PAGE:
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Construction Corner: Shedding light on dynamic window technology

Construction Corner: Shedding light on dynamic window technology
Korky Koroluk

The idea of “switchable” windows has been around for 15 or 20 years. It’s an appealing concept.

Instead of closing a blind you simply touch a switch, your windows darken, the room cools. These windows can reduce heating and cooling costs but they have never really caught on in the marketplace.

Part of the reason, of course, is price. Even triple glazed windows have been cheaper.

Another part of the reason has been performance. So-called smart windows are installed in many passenger aircrafts. But they are made largely with tungsten oxide and change colour when charged with electricity.

Those windows tend to be expensive and often have a blue tint. They can also take more than 20 minutes to dim.

And as the material in the window ages, it becomes less opaque.

Different research teams are taking different approaches to the problem.

At Princeton University in New Jersey, researchers are working with specialized solar cells in an application that is both self-powered and flexible enough that it can be applied to existing windows via lamination. But when the window is darkened, it also turns to a dark blue, which some people find disconcerting.

Now we read that engineers at Stanford University in California have developed dynamic windows that can switch from transparent to opaque or back again in under a minute and do not degrade over time.

The prototypes are plates of conductive glass outlined with metal ions that spread out over the surface, blocking light, in response to electrical current.

Michael McGehee is a professor of materials science and engineering with a background in solar cells. He’s a member of the research team that came up with the new glass.

“We did not tweak what was out there; we came up with a completely different solution,” he says.

“We’ve had lots of moments where we thought, ‘How is it even possible that we’ve made something that works so well so quickly?’ And now we’re running the technology by glass companies and other kinds of companies.”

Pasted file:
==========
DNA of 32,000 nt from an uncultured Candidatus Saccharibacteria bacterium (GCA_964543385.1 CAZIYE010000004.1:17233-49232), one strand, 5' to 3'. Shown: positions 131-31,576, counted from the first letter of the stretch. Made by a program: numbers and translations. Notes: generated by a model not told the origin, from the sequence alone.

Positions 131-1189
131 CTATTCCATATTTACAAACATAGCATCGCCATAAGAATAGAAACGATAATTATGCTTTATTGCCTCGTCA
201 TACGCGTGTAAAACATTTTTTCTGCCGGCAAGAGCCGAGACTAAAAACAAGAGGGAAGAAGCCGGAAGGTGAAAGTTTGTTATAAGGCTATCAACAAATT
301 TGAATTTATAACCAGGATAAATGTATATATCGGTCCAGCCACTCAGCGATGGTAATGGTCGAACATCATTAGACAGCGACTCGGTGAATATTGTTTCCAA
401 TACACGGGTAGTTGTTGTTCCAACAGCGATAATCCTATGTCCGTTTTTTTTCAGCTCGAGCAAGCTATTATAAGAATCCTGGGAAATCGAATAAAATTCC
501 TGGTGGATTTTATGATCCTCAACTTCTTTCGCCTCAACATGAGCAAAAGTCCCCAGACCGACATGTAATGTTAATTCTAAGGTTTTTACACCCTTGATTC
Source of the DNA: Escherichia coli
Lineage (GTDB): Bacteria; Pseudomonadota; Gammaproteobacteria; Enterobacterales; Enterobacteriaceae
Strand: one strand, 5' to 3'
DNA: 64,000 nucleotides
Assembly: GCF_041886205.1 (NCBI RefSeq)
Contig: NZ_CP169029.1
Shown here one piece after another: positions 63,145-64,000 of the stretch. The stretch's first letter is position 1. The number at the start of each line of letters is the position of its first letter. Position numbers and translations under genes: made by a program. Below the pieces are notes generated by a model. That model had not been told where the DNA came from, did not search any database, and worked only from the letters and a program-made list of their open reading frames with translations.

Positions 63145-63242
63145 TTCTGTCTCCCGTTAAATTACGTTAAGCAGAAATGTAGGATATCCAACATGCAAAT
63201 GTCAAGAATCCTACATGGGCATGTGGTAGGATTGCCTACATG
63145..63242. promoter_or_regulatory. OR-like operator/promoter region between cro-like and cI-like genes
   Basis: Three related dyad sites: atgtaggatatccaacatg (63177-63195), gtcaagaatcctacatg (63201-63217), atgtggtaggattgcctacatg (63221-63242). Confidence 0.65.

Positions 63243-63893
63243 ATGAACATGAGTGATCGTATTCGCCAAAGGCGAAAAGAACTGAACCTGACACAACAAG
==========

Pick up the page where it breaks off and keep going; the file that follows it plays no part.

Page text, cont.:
McGehee’s group’s prototype blocks light through the movement of copper and another metal in a solution over a sheet of transparent indium tin oxide modified by platinum nanoparticles.

When transparent, the windows are clear and allow about 80 per cent of surrounding natural light through. When the glass is dark, light transmission drops to under five per cent. The researchers switched the windows on and off at least 5,000 times and saw no change in the transmission of light. This indicates that the design is durable, McGehee says.

He is careful about what he says when speaking for publication. His group has just recently applied for a patent on their system and they’re still waiting for approval.

There is still work to do before scaling up, however. McGehee says there is currently a limit to how much area the prototypes can cover. During the study the team used small windows with a surface area of just 25 square centimetres. It’s not known, at least for publication, just how large the windows might be by the time they come to market. McGehee might not know that himself since he referred to window size as a problem to be addressed.

His group wants to do further work on the metal electrodes. The goal is to cut the cost of the prototype so that is it is at least half the cost of dynamic windows that are already on the market

“We’re excited because dynamic window technology has the potential to optimize the lighting in rooms or vehicles, save about 20 per cent in heating and cooling costs and even change the way people wear sunglasses,” McGehee says.

“This is an important area that is barely being investigated at universities and there’s lots of opportunity to keep us motivated.”

Korky Koroluk is an Ottawa-based freelance writer. Send comments to

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